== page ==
E.F.: Union with Christ simply means that we are not alone. We are not alone in our suffering and trials because the man, Christ Jesus, embraced full humanity, full human weakness, becoming one of us, tried as we are in every way, yet without sin (Hebrews 4:15). We are not alone now, we will never be alone. That means that he knows what it’s like to live in our skin and to have to love the Father, our families, friends (and even enemies) in the worst of circumstances. Even though I might think no one understands what I’m going through, I can rest assured that he completely understands. He was made like us “in every respect” (Heb. 2:17). We are not alone in that we have a Savior who is even now still wearing our flesh enthroned at the right hand of God. Union also means that we are forever joined to him as a bride to her husband.

There are plenty of metaphors about Christ (a building, a vine for instance) and the church (a building, a vine for instance) but the reality is that we will forever be his bride. That means that he takes us to himself, grants us all the riches that he has earned and takes our debt upon himself. And it means that, as a good husband, he is praying for us and awaiting our marriage. In sum, we are not now, and never will be alone and all we need for life and godliness now and forever has been secured for us by him. 

J.W.: We know that men and women, while equal, are different, but we don't need two gospels. The same gospel meets the needs of all. But are there any particular gospel implications or applications you find that must be emphasized differently or more acutely for men than women, and vice versa?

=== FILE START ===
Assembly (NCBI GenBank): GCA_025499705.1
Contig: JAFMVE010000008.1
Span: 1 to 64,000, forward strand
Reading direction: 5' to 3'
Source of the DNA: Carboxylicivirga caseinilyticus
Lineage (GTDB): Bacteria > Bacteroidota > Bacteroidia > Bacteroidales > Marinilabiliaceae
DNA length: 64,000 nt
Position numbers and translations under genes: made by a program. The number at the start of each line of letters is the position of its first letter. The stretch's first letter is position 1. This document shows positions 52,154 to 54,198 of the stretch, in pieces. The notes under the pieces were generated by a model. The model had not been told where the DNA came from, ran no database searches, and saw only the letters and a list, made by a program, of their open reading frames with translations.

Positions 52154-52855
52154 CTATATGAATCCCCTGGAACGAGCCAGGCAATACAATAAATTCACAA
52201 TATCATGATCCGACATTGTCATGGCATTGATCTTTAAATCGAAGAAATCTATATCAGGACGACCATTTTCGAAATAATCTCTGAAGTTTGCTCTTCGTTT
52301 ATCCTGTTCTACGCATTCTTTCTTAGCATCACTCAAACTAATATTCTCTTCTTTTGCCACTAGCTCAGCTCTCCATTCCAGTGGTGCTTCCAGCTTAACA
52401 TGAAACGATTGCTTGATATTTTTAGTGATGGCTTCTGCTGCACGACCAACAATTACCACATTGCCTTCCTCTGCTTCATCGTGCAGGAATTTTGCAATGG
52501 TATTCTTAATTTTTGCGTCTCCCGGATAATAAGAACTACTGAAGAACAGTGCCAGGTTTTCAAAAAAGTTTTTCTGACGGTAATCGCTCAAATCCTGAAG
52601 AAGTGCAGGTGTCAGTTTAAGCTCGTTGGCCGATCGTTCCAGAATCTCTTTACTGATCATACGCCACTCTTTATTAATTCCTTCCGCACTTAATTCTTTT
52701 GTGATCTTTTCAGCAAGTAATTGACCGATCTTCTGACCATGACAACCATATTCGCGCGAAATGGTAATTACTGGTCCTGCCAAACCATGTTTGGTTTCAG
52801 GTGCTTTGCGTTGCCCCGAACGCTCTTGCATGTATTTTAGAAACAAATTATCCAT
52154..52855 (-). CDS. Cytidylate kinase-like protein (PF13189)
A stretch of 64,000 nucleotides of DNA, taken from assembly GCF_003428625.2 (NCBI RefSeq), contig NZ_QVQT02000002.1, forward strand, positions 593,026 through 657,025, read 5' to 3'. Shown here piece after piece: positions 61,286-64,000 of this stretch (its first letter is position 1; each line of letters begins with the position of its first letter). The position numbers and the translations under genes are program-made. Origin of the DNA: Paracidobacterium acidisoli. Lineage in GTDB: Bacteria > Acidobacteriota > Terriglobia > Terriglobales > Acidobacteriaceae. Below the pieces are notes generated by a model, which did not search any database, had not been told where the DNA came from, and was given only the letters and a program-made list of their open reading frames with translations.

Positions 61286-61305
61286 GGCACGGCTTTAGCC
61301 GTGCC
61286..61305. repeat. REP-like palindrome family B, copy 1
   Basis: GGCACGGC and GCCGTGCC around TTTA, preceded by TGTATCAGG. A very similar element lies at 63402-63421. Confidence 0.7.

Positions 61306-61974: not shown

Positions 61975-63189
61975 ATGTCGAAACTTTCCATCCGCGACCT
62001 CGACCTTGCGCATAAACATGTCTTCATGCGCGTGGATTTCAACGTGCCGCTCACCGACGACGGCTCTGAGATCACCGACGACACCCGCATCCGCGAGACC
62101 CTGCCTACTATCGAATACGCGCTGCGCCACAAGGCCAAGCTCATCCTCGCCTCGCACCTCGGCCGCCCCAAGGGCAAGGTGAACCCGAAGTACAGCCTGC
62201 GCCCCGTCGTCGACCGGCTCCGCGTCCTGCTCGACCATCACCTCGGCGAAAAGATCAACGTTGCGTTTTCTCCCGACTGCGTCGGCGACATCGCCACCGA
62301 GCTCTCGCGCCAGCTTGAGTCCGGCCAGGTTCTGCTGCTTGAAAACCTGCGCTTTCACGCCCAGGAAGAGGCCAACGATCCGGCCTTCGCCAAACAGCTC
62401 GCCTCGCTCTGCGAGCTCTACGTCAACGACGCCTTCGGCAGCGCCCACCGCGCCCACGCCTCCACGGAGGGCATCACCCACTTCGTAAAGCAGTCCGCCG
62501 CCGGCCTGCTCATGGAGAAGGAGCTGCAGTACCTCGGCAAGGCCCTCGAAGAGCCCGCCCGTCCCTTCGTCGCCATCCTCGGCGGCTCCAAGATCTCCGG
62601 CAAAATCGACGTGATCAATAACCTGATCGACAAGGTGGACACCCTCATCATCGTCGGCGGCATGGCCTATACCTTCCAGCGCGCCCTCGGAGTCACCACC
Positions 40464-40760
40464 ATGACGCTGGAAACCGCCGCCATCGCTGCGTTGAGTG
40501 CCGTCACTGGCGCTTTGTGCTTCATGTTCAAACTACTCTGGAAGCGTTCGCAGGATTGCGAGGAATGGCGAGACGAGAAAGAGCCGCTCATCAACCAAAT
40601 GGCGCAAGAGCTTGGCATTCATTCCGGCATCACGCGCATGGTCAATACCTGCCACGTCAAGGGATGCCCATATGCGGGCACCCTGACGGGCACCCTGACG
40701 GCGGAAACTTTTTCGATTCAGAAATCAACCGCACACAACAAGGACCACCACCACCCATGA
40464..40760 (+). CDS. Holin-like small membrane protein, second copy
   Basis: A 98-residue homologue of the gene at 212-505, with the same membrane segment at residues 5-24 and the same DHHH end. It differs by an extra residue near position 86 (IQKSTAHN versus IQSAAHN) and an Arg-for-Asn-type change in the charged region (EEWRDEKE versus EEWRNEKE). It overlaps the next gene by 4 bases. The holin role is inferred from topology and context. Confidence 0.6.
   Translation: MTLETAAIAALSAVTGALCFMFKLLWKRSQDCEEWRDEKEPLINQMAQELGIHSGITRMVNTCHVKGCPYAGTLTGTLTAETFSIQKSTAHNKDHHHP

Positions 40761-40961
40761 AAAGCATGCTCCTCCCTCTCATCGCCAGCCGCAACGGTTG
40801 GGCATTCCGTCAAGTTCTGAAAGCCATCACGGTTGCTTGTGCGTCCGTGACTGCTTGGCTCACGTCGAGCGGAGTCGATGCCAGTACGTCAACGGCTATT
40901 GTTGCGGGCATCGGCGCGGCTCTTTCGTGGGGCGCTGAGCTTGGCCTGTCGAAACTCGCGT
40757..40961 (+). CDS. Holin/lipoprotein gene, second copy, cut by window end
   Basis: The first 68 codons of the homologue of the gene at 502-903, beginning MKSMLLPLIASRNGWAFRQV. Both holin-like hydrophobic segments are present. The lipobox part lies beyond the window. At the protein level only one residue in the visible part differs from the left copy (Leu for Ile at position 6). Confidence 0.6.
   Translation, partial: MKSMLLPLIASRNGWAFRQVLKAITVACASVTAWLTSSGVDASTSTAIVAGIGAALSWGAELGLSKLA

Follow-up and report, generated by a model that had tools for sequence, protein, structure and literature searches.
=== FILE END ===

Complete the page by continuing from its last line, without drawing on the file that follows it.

E.F.: I’m not sure that we need to hear anything different. The Holy Spirit will bring to life certain aspects of the gospel as both men and women need them. Having said that, however, I do think that women may be more interested in hearing how the gospel impacts their desire to love the Lord, their families, and neighbors. I know that many men (pastors and theologians in particular) love to speak in esoteric terms and many women may feel intimidated or simply not interested in these kinds of discussions. But tell them how your esoteric musings help them when the laundry is piled to the ceiling and you’ll have a large and joyful audience. 

J.W.: Could you briefly sketch a process of sorts in how the gospel of Christ's finished work empowers or entails the fruit of a Christian's ongoing obedience?

I’d love to. Without a vibrant understanding of the depth of Christ’s work for us, obedience very quickly slides into works righteousness, no matter how much we might protest that we don’t believe we earn our way to heaven. It is only when I see that I am already completely loved, completely forgiven, and completely righteous in God’s eyes that I will have, as Michael Horton says, “wind for my sails,” both the power and the desire to obey. It is only the truth that I am loved that will make me love as John writes, “We love because He first loved us” (1 Jn. 4:19). Therefore, if the foremost commandment of the law is to love God and neighbor, then understanding and believing God’s love for me and that I am free from trying to earn love for myself, that I will ultimately be free to obey for the right reason.

As Paul wrote, “For in Christ Jesus neither circumcision [religion] nor uncircumcision [irreligion] counts for anything, but only faith working through love” (Gal 5:6). It is faith in the finished work of Christ and his love for me that will enable me to strive daily to love my neighbor and it is the only truth that will encourage me to get up and fight to love again, even after I’ve failed.